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Hello persons, so I'm trying to achive ghibli or breath of the wild style grass using only generated texture nodes, (ie not image textures, math) and that much is turning out okay. However the issue I'm currently stumped on are the grass shadows.

To achieve toon-like / watercolor-like grass it has to be shadeless as to not cast shadows on itself, but I also want objects like trees and people to cast shadows on the grass as well. As much as I looked, I couldn't find a way to keep the grass from casting on itself, but also allow it to receive shadows (or something comparable) from other objects.

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^ As you can see in this provided image, the result from the front (left image) appears as I would want it to look, however the moment you view the grass from an angle facing away from the light source (right image,) it's made apparent the grass is casting shadows upon itself, making the whole thing appear dark. I'm looking for a way to prevent the grass from casting a shadow onto itself, but allowing other objects like a cube to cast shadows on the grass.

Misc details: Running real time in Eevee. Currently rendering particles as paths (not objects,) texture is plugged into an emmisive material node to achieve simple toon effect, so it isn't a diffuse material; the current shadow effect is instead just a color hue shift determined by a Diffuse > RGB to Shader > Color Ramp > Mix RGB (fac) mask. However as explained, it isn't solving my issue at hand.

Any advice or attempt help is much appreciated, thank you.

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I have an "okay" solution for your problem (in cycles) and it is only working with gras meshes (not billboards) so far. I know exactly what you are struggeling with, because I asked a similar question a while back but without an answer. Recently I tried something that works best:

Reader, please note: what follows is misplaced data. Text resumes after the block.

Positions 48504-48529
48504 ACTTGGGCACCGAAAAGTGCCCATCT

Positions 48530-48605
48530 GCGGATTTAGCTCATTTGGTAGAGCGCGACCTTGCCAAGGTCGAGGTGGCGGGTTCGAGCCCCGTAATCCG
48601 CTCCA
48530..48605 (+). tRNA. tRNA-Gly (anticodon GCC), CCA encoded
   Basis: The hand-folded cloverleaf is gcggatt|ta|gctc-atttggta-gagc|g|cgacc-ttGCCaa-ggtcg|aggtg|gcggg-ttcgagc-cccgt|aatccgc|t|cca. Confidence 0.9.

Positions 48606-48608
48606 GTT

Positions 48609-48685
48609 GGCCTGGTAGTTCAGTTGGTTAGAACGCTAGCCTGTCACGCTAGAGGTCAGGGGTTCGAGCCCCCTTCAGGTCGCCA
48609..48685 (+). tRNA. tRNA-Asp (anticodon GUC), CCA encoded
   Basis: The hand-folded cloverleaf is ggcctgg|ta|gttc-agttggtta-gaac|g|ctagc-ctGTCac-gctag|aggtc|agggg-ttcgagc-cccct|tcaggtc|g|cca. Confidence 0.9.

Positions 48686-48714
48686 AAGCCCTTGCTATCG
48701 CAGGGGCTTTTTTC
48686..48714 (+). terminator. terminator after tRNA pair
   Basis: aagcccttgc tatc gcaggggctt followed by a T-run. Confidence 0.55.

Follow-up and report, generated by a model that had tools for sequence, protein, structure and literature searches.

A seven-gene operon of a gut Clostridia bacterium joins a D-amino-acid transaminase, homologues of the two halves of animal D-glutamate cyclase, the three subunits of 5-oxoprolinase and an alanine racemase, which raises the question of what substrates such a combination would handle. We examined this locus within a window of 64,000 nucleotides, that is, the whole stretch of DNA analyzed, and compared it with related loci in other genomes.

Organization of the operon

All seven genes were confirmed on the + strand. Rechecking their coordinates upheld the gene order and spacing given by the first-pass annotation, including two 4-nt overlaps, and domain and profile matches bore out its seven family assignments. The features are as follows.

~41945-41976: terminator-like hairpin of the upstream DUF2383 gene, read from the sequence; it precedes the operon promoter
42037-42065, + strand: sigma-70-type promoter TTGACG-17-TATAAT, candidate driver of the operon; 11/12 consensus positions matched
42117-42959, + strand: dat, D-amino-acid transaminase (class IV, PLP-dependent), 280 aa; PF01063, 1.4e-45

you need to render your scene 2 times.

First time:

Everything + the shadeless grass.

second time:

Check "shadow catcher" for the grass meshes + Instead of the Emissionshader give the grass a Diffuseshader. For everything else check "Holdout" (both checks are in the Object Properties). And under Render Properties -> Film -> Check Transperent (for a transperent background).

now you can combine both images in the compositor or in a programm like photoshop.

here is a quick example: [shadeless grass with sword shadow 2

but i hope aswell we will get a better solution in the future, it must be possible because EEVEE is using the same technology as Game engines, and this is a well used and very common style in (indie)games (dauntless, the witness, zelda: botw, fortnite).

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  • $\begingroup$ You can actually create a shadow catcher / mask in Eevee with a Diffuse > Shader to RGB > ColorRamp > Mix Shader (fac) , however this isn't useful when it's applied to the grass, as the grass is still casting shadows on itself. However, if there was a way to pull this data from ANOTHER material and object (ie the ground plane) I wonder if it would produce a competent effect. -Tho idk if it would even work, or if it's even possible to get shadow catch data from another object, material, or via the camera in Eevee. $\endgroup$ – LanceBeryl Sep 4 at 17:49